Best places to visit in South Korea

The ancient and modern exist comfortably side by side in this East Asian nation. South Korea is home to a plethora of fascinating sights and hosted the Winter Olympics earlier this year, yet still remains relatively removed from the tourist trail.
South Korean soldiers standing guard at the Demilitarised Zone (DMZ). Photo: Shutterstock
South Korean soldiers standing guard at the Demilitarised Zone (DMZ). Photo: Shutterstock

From the megalopolis of Seoul to the forested mountains of Seoraksan and the 'Land of 10,000 islands' off the southwest coast, you can visit wonderful destinations in South Korea as part of a fascinating journey. Here is our guide to the best places to visit in this East Asian nation. 

Changdeokgung Palace, Seoul

These splendid Korean palace buildings and serene Zen-inspired grounds showcase the grandeur of Korean royalty. Located within a large park in Seoul, the palace was one of the ‘Five Grand Palaces’ of the Joseon Dynasty (1392–1897), and was constructed back in the 15th century. Make sure you don't miss the Secret Garden (Biwon), which is something of a hidden gem within a gem.


Seoraksan National Park, Gangwon 

South Korea’s most popular national park, Seoraksan’s vast expanse of natural beauty encompasses towering rock pinnacles, dense alpine forests, remote temples and wildflowers at every turn. The name Seoraksan means ‘Snow Peak Mountain’, which is slightly misleading as the park, which forms the panoramic backbone of Gangwon Province, actually consists of a range of peaks. Contact us with the dates when you would like to visit South Korea. Our local experts can then arrange a personalised itinerary for you taking in fascinating attractions around the country.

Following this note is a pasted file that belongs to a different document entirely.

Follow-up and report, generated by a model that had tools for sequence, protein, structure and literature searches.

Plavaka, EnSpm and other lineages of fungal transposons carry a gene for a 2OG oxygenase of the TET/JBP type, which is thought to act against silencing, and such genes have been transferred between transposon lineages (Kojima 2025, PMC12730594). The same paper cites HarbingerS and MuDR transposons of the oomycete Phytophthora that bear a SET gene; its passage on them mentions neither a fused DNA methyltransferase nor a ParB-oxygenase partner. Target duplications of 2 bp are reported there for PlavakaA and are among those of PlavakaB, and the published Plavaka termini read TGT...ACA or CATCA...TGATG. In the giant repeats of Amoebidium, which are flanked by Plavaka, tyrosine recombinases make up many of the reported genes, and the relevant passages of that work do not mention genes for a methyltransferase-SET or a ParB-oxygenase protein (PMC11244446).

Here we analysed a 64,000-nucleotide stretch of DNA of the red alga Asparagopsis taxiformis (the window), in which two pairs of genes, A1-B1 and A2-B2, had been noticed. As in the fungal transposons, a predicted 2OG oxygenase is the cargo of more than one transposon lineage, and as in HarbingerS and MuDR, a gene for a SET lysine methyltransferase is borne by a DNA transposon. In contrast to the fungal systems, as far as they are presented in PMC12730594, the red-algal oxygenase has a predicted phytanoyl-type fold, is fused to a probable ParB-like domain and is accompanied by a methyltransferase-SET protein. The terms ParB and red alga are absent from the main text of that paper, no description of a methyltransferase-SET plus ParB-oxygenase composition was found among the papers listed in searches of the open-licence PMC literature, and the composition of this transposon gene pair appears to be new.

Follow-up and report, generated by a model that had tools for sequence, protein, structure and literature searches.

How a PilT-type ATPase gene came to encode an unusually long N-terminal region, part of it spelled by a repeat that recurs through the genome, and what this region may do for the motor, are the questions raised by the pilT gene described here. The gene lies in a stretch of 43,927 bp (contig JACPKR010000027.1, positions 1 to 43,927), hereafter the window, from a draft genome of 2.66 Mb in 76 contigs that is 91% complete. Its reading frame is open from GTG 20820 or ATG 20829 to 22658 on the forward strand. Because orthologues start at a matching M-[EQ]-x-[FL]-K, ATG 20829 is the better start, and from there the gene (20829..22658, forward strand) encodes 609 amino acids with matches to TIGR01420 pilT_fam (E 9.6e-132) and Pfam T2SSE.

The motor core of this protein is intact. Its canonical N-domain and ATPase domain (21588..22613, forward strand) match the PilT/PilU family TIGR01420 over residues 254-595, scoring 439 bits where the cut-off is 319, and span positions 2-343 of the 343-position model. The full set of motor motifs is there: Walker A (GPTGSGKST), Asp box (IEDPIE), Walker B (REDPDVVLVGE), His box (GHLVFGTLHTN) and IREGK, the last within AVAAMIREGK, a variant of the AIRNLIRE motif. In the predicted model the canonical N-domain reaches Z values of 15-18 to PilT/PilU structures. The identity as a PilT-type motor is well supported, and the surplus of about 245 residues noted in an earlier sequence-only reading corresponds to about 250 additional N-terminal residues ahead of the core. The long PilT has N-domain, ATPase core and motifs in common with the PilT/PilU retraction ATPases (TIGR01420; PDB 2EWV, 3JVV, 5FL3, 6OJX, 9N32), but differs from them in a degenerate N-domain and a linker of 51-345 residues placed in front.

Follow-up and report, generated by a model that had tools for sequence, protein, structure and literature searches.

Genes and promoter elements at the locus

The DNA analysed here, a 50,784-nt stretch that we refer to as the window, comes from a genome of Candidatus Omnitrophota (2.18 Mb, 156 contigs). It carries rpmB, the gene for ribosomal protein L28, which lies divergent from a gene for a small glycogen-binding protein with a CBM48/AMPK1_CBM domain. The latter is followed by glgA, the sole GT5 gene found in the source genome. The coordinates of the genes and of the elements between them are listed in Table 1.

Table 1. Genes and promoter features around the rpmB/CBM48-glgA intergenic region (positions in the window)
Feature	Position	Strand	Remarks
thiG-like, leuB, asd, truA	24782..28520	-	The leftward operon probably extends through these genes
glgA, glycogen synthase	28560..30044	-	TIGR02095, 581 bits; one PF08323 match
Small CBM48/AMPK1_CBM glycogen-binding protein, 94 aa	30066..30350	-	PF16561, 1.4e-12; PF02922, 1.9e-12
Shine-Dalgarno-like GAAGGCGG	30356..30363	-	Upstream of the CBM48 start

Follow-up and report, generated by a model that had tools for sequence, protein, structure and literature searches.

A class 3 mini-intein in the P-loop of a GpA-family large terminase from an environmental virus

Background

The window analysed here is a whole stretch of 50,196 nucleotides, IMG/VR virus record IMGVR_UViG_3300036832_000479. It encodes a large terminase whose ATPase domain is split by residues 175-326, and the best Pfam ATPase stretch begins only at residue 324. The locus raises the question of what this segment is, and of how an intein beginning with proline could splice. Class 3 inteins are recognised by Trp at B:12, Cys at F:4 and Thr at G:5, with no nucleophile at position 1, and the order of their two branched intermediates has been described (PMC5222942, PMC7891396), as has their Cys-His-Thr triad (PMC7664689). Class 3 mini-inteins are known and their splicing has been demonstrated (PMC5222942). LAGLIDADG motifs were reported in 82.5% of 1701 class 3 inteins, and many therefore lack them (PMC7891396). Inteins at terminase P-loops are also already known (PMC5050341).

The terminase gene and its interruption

Buddha statue in Seoraksan National Park, South Korea.              
Buddha statue in Seoraksan National Park, South Korea. Photo: Shutterstock


Demilitarised Zone  

The Demilitarized Zone (DMZ) is the world’s most heavily fortified border crossing. A demarcation line 4km (2.5 miles) wide spanning around 250km (150 miles) across the Korean Peninsula. The DMZ was established in 1953 during the Korean War, when an uneasy ceasefire was agreed. The ceasefire remains tentatively in place today, accompanied by a palpable air of tension – the two countries are still technically at war. The Third Tunnel of aggression – an incomplete tunnel from North Korea, built for a surprise attack – is a must-see. According to the tunnel's visitor information, it was built to accommodate up to 30,000 soldiers an hour.



On the country’s southeast coast, the city of Gyeongju is known for captivating historical sites, many of which date from its time as the capital of the Silla dynasty. Massive burial mounds – most from the 1st to 8th centuries – rise up in both populated and rural areas. The area surrounding the city is also home to fascinating historical sites. Secluded temples abound in the wooded hills of Namsan and Tohamsan, most notably the spectacular, sprawling Bulguk-sa complex with its two stone pagodas. 

Insadong Shopping Street, Seoul

A tourist hotspot in the capital, Insadong is a time-honoured location for antiques dealers. Numerous specialist shops sell fine Goryeo celadon, Silla pottery and Joseon-era furniture. The area's maze of streets and back alleys is also home to an abundance of art galleries, tiny restaurants, junk dealers and music stores. It's a real bargain hunter's paradise, but be cautious with prices for items – especially antiques – that seem too good to be true. Insadong is also known for its teahouses, where bell jars of dried herbs line the shelves. Ginseng is the most popular, but other aromatic offerings include teas made from ginger root (saenggangcha), lemon (yujacha) and plum (maesilcha).